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Wednesday, October 12, 2016

House Renovation: Art Edition

Our house renovation continues apace!

The construction is done, but now we're working on small details like adjusting some painting and hanging art and figuring out what new furniture is needed and right for the place.

Hanging art and doing design layout is not really my thing. But luckily we have a very helpful designer and project manager in Susan. Susan makes things look nice. But Susan's design view is different than my design view. Sometimes we argue. Here's an example. As we arranged one corner of the kitchen, she selected two pottery goblets that looked nice.

"But there's no story with those," I complained.

"Not everything has to have a story," she said.

"Oh really?" I shouted replied in a calm, reasonable tone of voice.

We compromised. She finally agreed to put our jade Buddha up instead of the goblets. I promised to try and use the goblets in a cool way. Honestly, though, Susan does a great job. I have a sneaking suspicion she doesn't mind having a healthy banter with me. And she helped me win my campaign for a new toaster.

We met with Susan to hang art pieces today. It wasn't easy, but the tough part came when she tells me I need to "edit." I remind her that I'm quite good at editing the words, but this is different. These are my memories. Here are some of our pieces, after already doing one round of edits!

Taiwanese scroll, German calendar,
Spanish clock from Barcelona

Pittsburgh coffee company crate found in an old shed at our first house

Masks from Bahamas, Hawaii, Malawi and Belize

Spanish table top from Granada

Dragon candlesticks from Chautauqua, NY,
brass candlesticks from my grandmother in Baltimore

Pysanky eggs from Pittsburgh

Irish street scene photographs, St. Brigid's cross,
Welsh love spoon, Pittsburgh door hinge, Russian icon

Two original Leslie Belloso paintings,
one original oil from another Eastern Shore artist

Photos from East Berlin, a Joan Miro print

Steel Mill photos from Pittsburgh, printed on metal

 As you can see, it's an eclectic mix that reflects where we've lived and traveled. I couldn't imagine tucking a single one of those pieces away in storage in the basement or *gasp* parting with any. So Susan worked with us to really select the ones that were absolute must-stays and designed a gallery wall in our new open concept living room.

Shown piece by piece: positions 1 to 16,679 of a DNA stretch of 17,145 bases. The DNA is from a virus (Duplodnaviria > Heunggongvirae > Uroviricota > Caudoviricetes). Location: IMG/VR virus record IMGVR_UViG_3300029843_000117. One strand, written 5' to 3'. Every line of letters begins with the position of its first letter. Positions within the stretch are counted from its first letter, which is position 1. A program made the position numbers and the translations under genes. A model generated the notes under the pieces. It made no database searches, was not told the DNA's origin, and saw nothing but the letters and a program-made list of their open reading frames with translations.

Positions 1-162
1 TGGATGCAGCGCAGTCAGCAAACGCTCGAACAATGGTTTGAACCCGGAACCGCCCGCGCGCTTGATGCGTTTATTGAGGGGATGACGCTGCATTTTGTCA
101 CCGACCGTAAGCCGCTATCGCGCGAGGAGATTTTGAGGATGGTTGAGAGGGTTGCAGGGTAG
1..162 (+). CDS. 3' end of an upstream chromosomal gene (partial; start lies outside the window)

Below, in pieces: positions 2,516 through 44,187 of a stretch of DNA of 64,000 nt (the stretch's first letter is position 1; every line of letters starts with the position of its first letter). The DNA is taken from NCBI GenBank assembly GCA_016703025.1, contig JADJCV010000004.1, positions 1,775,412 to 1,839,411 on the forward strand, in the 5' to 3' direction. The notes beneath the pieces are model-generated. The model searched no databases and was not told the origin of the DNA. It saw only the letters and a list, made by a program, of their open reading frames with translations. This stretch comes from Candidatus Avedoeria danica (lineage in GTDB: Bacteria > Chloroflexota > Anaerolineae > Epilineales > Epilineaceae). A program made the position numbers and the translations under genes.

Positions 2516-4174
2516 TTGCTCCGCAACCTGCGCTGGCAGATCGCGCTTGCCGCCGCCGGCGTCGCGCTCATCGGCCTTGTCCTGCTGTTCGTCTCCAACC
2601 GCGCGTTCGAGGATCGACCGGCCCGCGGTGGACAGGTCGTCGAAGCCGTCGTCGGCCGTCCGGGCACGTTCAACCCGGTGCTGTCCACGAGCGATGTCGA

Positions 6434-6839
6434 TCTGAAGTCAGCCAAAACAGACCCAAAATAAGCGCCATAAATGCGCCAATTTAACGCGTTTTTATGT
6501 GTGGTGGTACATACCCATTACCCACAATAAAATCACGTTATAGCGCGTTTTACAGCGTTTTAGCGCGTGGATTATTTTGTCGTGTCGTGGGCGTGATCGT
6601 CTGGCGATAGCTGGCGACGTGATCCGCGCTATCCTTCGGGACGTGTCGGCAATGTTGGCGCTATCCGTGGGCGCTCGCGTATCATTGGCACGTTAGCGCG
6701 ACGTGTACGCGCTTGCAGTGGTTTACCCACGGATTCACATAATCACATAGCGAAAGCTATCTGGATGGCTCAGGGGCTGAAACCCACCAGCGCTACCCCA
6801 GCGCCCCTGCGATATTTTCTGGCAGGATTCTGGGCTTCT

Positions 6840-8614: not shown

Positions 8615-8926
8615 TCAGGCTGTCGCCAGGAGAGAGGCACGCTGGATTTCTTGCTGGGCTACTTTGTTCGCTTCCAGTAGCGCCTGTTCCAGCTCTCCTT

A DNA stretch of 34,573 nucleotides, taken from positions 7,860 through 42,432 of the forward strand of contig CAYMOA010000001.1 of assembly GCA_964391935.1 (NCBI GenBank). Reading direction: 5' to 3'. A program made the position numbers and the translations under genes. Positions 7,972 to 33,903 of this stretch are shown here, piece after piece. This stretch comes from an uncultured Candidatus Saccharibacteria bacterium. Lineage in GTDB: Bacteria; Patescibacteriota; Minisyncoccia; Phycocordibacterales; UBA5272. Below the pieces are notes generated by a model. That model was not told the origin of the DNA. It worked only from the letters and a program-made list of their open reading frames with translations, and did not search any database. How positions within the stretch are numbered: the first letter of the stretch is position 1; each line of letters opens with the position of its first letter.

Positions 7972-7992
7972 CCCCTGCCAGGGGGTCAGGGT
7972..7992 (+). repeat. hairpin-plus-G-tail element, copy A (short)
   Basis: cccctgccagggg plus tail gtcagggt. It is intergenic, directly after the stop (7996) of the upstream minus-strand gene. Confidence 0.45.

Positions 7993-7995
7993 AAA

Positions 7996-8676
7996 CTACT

Here's a far away shot.

Here's a pano.

As you can see, many important memories made their way on to the wall. And there's a nice spot above the Miro print for a new feature! I love that.

Although we're still looking for a home for our incredible curved wood carving from Palau, several of the other must-keeps are distributed around the house in new locations.

Instead of displaying our pysankys on little brass holders, I won praise from Susan for arranging them in this redwood bowl from our trip to California.

Our Irish stoneware pottery used to rest on the large easel stand. Now it holds a chalkboard and highlights our cocktail of the day. The tallest piece of pottery is there on the right along with our vase with our seashell and driftwood collection from Gimli, Manitoba.

Check out these floating shelves! Across the top is more Irish stoneware and an Irish teapot. Next you see my beloved jade Buddha and two elephants our designer selected. On the bottom shelf are three more Irish stoneware bowls that will now be used instead of displayed. (We will soon have a new toaster.)

Our clay pot from Belize with the cool head now holds wooden cooking tools. And Maneki Neko is in a place of honor where she can keep an eye on the kitchen.

The Arbuckle's coffee crate is still under design review and I've been ruthless as I edited down our family photos. As soon as we get more furniture in the dining area, I expect to have a nicely curated collection to display. And I can't wait for our table from Bones and All to arrive.

But Susan is right. It's good to do a refresh and reboot and make room for new memories. Come on over anytime and check out the house as it transforms. We're the ones with the bright yellow door!

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